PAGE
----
On Reevaluation


Author’s Note: Obviously times have changed since Prop 8. Think of this as a “period piece.” I apologize if there are any errors in my writing here – I was sixteen(?) at the time. Still, I am quite proud of this piece. Warning: If you dislike politics, don’t read on…

On Reevaluation

Through the span of one year, our country and the state of California itself have undergone momentous social change. Hilary Clinton emerged as the first serious female candidate for the presidency, California authorized same-sex marriage (only to repeal it some months later), our first black president was elected, and now California has legalized medicinal marijuana. While some welcome these changes and others cling to conformity, I think we can all agree that it is a relief that finally, in 2009, some of these long-standing issues are being addressed – and indeed, we as an American people are being quite vocal about them… and that’s incredible. Hell, let yourself be heard. Isn’t that the point, anyways? To stand up for what you believe in? To be the change you want to see in the world? It doesn’t matter, in the long run, if I disagree with you; the point is that you have an opinion of your own, and that in itself is a gift. So before I begin my rant, I will ask that we all appreciate our ability to choose for ourselves what is right and what is wrong while still retaining a flexible mind and a healthy respect for the opinions of our adversaries.

The way some Americans – indeed even people within our own community and school – react to the societal changes of today are shocking to me. Not long ago, as I’m sure you all remember, we had the wave of elections which included Obama vs. McCain and California’s Prop 8, which put same-sex marriage up to ballot. I was among those students on Westlake Blvd. protesting against the ban on same-sex marriage, and within the time I was out there many passers-by literally screamed their rage at us; they flipped us off, verbally insulted us and belittled our cause, and in fact one even threw a bottle at one of the protesters and was legally accused of assault. Mind you, the most adamant, vicious, and self-righteous of these people were full-grown adults directing their fury on us, not only a group of peaceful protesters but a group of highschoolers. This begs the question: have we as a people strayed so far from fundamental benevolence that we have adopted barbarism and radicalism to establish our places in the world? Can we turn a blind eye to hypocrisy in order to champion self-serving goals? Can the Christian man who told me I was despised by God and going to hell for being a lesbian’s daughter also truly believe in God’s will that we should love all of His children when he does not himself live a life that reflects that message?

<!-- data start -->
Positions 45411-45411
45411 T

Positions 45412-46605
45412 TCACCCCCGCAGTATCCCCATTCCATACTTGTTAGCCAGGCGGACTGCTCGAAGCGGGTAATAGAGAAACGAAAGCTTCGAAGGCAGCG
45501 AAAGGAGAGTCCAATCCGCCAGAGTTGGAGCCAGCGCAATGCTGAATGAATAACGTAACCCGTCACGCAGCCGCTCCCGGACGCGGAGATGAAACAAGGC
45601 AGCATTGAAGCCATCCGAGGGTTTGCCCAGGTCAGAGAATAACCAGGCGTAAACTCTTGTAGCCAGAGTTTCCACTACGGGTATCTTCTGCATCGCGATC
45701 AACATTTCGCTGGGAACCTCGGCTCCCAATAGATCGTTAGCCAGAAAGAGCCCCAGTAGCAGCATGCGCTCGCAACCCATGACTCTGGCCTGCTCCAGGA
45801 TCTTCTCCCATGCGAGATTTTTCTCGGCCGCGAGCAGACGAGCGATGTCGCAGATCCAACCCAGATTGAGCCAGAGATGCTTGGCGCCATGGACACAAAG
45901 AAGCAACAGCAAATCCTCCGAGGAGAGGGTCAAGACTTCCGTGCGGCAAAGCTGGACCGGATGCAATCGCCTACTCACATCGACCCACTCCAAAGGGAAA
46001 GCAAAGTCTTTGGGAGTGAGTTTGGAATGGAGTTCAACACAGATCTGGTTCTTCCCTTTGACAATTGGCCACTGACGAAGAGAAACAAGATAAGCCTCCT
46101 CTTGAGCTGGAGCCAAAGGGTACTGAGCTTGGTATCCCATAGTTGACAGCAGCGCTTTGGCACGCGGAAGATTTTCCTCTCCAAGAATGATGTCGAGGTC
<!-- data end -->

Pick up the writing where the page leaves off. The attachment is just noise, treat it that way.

Same-sex rights were not the only object of unjust prejudice some months back. A friend of mine was indefatigably teased for the various pro-Obama knick-knacks on her bag and binder. I myself had an Obama poster in my locker, and received several jeers for it – not for this man’s political stance, but specifically because he was black. I’ve found that Westlake High has a potent conservative backbone – whether in the ideology of the general student body, class lessons (ex: you will die in a horrible fire of death accompanied by crying, rotting koalas if you have premarital sex), or even in the subtle (or not so subtle) opinions of the teachers – certain teachers – who implement in their instruction advocacy of Pro-Life ideals, Christian doctrine, and a rejection of liberal-supported developments such as stem cell research and the acceptance of global warming. One such teacher spent a whole class period on a sermon about why their students should not “defile” their bodies by having sex – another day this same teacher told us how despicable it was that people “killed babies” through abortion and stem cell research – yet another day this teacher told us about the joy of finding Jesus. It is no wonder that many students seem to be so closed-minded. They are not taught to assess a situation and all its factors or to trust in their own senses of reasonability; instead, they are spoon-fed biased information and inexorably uphold this robotic dogmatism. I’m not saying there’s anything wrong with loving Jesus or waiting until marriage or disliking stem cell research or anything of the like. To each his own. What I disagree with is structuralism. My point is, and I do have one: Truth is only what you interpret it as, so do it yourself.